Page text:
A small yellow school bus from a local Muslim school pulled up on the south side of the Oklahoma capitol. The children inside pressed their faces against the window to get a better look at the crowd gathered outside that was ready to shout down any Muslims attempting to pass through the entrance.
A volunteer with a group that had come to make sure Muslims attending Friday’s events at the capitol had safe passage told the bus driver to pull around to an entrance on the east side. She then turned to give instructions to other volunteers with her group.
“Some of you walk through the crowd and act like you are escorting people,” she said.
While the bus headed for another entrance, the volunteers walked through the crowd with shouts and taunts thrown their way. Despite the vitriol, a few of the volunteers had small smiles on their face knowing they were taking the abuse and a dozen children wouldn’t.
“They have every right to be here as any citizen of Oklahoma,” said Anne Murray, a member of First Unitarian Church in Oklahoma City that was at the statehouse to welcome those attending the first ever Muslim Day at the Capitol. “We are here to help shield them from this.”
A human tunnel helped separate Muslim attendees from signs and angry faces, but the shouts were harder to block.
“Allah is a pedophile.”
“You’re going to ge bent over the barrel.”
“What right do you have to hold that American flag?”
“The Muslims won’t exist in the end.”
Inside the capitol, a few hundred members of Oklahoma’s Muslim community gathered in a building that has, at times, been hostile toward their faith. Despite the protests that greeted those attendees, Adam Soltani, director of the Oklahoma chapter of the Council on American-Islamic Relation, walked up to a microphone and expressed his excitement for the event.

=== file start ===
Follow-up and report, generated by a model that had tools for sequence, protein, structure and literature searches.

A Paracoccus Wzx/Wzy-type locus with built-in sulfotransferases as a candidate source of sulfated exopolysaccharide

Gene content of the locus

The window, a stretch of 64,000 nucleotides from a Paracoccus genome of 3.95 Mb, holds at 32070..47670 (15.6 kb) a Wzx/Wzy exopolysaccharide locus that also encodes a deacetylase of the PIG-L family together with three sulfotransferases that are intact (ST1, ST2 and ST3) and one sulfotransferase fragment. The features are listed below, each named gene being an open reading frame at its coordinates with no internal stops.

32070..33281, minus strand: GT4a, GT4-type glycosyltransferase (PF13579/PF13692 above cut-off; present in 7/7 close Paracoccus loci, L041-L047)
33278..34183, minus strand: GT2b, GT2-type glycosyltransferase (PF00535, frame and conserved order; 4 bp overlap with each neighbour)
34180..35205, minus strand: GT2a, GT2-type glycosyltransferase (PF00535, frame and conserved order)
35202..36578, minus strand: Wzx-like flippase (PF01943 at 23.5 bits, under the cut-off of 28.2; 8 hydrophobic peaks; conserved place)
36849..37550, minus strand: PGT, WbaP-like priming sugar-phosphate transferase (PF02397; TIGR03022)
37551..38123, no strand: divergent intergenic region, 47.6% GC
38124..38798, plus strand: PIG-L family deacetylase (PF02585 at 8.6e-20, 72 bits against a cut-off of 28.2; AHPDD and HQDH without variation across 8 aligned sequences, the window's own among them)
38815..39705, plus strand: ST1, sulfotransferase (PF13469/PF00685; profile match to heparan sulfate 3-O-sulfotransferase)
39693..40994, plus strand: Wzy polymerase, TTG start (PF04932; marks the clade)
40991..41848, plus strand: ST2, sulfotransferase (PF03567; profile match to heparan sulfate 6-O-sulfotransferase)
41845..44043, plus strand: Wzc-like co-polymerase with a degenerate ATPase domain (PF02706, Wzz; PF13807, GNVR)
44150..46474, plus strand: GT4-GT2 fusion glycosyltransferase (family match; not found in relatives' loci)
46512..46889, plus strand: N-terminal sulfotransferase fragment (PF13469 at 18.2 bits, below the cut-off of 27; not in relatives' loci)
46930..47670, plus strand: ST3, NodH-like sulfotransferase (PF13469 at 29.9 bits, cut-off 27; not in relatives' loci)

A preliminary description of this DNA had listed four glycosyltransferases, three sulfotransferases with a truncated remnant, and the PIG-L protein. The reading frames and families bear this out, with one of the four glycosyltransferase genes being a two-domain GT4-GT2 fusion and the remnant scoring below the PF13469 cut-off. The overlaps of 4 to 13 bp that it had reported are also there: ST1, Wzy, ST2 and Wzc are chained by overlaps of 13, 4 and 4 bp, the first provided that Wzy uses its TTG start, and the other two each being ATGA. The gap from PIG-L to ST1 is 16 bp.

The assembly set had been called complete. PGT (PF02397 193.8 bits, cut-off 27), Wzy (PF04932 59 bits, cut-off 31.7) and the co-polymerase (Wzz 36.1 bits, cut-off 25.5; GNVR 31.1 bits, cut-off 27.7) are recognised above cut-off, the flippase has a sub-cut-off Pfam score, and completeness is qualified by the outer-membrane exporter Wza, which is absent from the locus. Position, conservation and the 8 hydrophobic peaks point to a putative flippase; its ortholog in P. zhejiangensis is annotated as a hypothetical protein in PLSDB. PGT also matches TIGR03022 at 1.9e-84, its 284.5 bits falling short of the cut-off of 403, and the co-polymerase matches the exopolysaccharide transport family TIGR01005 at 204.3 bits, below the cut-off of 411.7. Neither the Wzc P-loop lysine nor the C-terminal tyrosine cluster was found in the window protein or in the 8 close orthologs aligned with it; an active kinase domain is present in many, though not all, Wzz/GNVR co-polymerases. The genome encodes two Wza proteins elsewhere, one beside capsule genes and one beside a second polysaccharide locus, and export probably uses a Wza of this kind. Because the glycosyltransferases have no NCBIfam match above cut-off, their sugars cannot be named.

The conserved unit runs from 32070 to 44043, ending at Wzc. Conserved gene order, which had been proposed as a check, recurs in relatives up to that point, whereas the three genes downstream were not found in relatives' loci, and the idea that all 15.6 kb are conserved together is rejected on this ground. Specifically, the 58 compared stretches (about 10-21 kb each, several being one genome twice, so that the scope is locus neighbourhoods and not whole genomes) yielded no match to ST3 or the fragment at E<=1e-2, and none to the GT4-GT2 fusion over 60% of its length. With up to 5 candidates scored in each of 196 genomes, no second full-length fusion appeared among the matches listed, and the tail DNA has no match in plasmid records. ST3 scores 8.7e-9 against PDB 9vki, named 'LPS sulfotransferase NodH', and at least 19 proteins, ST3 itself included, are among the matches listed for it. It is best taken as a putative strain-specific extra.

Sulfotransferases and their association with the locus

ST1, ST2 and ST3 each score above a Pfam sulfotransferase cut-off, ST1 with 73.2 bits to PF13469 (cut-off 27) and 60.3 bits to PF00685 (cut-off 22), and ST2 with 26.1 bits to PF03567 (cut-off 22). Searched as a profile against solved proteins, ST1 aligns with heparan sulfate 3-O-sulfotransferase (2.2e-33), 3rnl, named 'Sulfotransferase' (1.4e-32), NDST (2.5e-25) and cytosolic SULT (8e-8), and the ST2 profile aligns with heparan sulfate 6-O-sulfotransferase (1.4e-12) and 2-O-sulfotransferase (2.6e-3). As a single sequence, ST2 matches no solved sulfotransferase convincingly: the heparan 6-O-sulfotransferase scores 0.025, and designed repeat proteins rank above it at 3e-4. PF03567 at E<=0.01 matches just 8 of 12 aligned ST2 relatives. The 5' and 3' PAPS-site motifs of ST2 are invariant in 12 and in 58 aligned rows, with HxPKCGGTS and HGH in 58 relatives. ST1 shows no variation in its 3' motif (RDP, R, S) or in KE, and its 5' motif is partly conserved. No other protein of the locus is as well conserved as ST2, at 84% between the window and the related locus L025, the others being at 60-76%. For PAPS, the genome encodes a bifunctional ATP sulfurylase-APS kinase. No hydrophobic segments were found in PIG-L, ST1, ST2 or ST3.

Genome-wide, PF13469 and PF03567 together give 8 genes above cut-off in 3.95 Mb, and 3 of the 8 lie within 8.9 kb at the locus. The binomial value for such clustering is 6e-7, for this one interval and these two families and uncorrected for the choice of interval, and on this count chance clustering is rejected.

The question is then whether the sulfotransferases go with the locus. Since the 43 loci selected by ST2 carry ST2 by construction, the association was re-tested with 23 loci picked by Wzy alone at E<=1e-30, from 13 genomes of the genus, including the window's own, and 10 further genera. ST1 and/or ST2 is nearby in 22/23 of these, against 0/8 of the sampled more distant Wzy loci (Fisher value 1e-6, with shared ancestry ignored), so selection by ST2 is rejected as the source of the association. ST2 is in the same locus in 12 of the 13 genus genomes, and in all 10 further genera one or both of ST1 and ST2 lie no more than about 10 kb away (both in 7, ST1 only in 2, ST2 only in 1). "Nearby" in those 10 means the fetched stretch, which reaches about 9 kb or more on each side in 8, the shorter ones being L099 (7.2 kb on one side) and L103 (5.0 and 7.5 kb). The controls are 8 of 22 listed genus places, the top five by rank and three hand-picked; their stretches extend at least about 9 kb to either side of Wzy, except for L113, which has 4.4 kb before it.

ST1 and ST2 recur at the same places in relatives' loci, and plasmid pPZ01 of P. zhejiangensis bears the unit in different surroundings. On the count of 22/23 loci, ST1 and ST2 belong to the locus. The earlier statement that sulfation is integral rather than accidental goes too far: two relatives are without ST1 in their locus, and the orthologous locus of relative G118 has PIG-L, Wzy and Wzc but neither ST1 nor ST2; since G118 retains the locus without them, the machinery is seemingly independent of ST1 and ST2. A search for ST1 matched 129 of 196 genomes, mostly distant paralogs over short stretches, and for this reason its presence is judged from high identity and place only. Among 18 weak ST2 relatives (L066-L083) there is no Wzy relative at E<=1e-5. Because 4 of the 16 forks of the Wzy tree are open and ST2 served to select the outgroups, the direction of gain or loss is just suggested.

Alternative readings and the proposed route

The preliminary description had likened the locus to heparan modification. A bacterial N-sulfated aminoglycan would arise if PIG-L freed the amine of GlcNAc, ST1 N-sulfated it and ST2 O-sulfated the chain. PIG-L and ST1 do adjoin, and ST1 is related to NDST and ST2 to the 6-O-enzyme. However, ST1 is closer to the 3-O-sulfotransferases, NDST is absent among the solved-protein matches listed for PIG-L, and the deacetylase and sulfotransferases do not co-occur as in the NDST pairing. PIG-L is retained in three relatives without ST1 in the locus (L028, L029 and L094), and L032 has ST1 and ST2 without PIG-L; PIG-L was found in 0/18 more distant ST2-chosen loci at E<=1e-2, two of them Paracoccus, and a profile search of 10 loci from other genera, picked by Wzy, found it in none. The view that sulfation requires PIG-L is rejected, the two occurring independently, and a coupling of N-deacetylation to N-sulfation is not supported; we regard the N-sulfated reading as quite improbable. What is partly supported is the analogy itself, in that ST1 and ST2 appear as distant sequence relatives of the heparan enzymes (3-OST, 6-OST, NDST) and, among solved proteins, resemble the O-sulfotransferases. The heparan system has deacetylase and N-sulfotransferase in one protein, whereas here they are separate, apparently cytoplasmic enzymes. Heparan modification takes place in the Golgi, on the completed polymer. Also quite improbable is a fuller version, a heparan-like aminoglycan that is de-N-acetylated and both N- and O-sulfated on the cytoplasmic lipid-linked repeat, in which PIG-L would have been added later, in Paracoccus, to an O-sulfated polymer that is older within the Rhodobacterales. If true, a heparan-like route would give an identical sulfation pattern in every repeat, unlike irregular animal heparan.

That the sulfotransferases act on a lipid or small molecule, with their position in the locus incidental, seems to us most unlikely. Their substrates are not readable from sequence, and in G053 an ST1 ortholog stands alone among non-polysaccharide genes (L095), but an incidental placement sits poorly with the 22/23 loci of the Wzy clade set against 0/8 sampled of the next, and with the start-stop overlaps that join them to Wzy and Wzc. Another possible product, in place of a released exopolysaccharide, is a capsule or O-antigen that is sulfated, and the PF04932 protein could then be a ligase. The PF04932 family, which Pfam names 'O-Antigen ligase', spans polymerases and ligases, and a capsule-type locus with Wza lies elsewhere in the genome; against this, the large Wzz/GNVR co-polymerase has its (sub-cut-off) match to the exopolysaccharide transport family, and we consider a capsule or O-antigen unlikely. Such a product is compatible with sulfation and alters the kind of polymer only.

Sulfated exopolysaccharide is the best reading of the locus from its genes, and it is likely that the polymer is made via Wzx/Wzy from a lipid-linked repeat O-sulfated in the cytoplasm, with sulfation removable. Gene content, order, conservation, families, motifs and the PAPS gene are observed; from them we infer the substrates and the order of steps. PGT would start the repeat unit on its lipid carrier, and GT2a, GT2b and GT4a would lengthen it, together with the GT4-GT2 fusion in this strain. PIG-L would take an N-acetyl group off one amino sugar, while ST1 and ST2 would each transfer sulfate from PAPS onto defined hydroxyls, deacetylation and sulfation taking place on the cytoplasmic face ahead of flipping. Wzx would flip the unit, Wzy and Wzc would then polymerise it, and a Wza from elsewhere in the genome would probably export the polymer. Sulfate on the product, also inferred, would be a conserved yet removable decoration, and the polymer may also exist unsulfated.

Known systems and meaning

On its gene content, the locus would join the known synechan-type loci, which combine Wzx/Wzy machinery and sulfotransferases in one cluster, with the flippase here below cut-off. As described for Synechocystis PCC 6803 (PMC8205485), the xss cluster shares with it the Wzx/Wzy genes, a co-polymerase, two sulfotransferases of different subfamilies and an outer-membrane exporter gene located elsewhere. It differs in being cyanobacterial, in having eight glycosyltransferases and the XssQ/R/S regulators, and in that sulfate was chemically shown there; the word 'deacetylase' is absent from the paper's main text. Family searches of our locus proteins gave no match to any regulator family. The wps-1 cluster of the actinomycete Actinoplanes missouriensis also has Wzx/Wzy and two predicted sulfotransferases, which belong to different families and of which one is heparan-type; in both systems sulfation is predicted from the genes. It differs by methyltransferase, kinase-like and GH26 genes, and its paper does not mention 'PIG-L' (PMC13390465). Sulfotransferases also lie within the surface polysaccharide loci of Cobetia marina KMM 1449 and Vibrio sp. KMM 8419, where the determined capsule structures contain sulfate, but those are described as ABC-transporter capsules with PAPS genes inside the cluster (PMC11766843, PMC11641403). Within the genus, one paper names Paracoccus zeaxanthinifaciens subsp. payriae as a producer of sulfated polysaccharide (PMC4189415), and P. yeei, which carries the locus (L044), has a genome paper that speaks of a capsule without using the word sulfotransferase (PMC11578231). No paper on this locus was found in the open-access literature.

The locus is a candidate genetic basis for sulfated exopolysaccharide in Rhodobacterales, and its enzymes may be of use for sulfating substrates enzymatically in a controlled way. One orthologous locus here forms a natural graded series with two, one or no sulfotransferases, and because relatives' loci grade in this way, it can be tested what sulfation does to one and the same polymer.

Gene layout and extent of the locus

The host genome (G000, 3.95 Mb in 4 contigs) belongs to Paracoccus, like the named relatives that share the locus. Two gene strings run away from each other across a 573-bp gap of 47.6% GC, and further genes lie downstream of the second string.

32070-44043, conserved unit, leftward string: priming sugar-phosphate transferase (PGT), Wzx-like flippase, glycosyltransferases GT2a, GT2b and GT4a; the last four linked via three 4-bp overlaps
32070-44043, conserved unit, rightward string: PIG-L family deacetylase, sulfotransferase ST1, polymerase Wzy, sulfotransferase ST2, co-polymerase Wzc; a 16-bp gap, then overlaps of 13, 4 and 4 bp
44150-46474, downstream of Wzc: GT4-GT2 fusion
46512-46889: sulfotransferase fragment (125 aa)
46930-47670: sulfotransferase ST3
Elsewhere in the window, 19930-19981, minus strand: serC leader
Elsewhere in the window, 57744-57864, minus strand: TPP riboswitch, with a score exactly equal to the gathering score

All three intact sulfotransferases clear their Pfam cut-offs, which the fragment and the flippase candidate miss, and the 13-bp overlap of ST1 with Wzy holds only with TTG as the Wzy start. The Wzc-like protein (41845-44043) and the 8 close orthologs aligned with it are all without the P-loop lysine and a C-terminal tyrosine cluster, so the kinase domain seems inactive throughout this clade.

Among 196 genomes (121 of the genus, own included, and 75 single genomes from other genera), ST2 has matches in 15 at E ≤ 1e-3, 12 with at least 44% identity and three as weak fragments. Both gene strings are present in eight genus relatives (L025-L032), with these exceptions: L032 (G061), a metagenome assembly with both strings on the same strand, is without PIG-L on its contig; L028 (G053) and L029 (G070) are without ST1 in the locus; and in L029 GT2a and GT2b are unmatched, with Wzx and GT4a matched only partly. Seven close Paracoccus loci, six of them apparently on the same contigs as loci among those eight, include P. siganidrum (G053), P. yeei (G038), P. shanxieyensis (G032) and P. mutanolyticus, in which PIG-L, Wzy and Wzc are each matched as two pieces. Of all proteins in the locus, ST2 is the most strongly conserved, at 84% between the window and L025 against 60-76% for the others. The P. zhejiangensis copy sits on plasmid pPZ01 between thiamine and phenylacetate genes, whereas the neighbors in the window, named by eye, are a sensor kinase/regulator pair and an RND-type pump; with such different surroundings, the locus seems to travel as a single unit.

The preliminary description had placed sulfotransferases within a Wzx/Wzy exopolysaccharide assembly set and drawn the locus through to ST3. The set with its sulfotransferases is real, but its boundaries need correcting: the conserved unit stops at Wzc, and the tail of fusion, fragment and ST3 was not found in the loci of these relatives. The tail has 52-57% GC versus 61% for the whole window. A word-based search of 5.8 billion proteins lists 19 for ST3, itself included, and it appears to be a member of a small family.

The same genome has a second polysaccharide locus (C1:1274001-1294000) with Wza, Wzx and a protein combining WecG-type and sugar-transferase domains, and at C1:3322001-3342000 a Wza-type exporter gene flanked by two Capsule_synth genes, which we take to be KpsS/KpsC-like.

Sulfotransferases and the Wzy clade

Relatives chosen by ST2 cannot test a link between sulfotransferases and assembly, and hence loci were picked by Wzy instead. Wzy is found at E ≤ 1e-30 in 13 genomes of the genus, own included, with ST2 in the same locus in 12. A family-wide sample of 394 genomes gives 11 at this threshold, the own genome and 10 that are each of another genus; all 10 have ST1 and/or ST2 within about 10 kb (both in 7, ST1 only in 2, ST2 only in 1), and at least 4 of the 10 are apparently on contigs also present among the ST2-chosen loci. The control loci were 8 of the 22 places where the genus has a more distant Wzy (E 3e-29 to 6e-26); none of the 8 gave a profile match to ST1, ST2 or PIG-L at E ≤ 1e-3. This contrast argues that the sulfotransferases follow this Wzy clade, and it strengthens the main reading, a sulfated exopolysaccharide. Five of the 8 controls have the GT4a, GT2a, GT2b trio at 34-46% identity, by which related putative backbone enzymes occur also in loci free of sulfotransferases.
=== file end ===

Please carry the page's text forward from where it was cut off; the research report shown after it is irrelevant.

“Today is a beautiful day,” Soltani told the crowd. “You saw what you saw when you walked up to the south side of the capitol today. You saw something that, as we are here sending a message of peace, love and compassion, you saw messages of hate, misunderstanding and ignorance.
“But through those messages of hate you saw something that is very very beautiful. And I think it’s a perfect sign of what our state truly represents. You saw more than 50 or 60 of our friends from the interfaith community, Jewish, Christian, Buddhist and so on standing to protect each and every Muslim attendee today.”
The day’s events included meetings with lawmakers, seminars on becoming more involved in the democratic process, and an attempt to highlight the Muslim community that calls Oklahoma home.
“We need to have a day every year in which we renew and refresh our desire and commitment to be more civically engaged and be more involved in the democratic process,” Soltani said.
Back outside the protesters and supporters began to thin out, but a few Muslim citizens continued to file in.
“Go home,” one protester shouted.
A young man stopped, turned towards the shouts and said, “I am home, and I love my home.”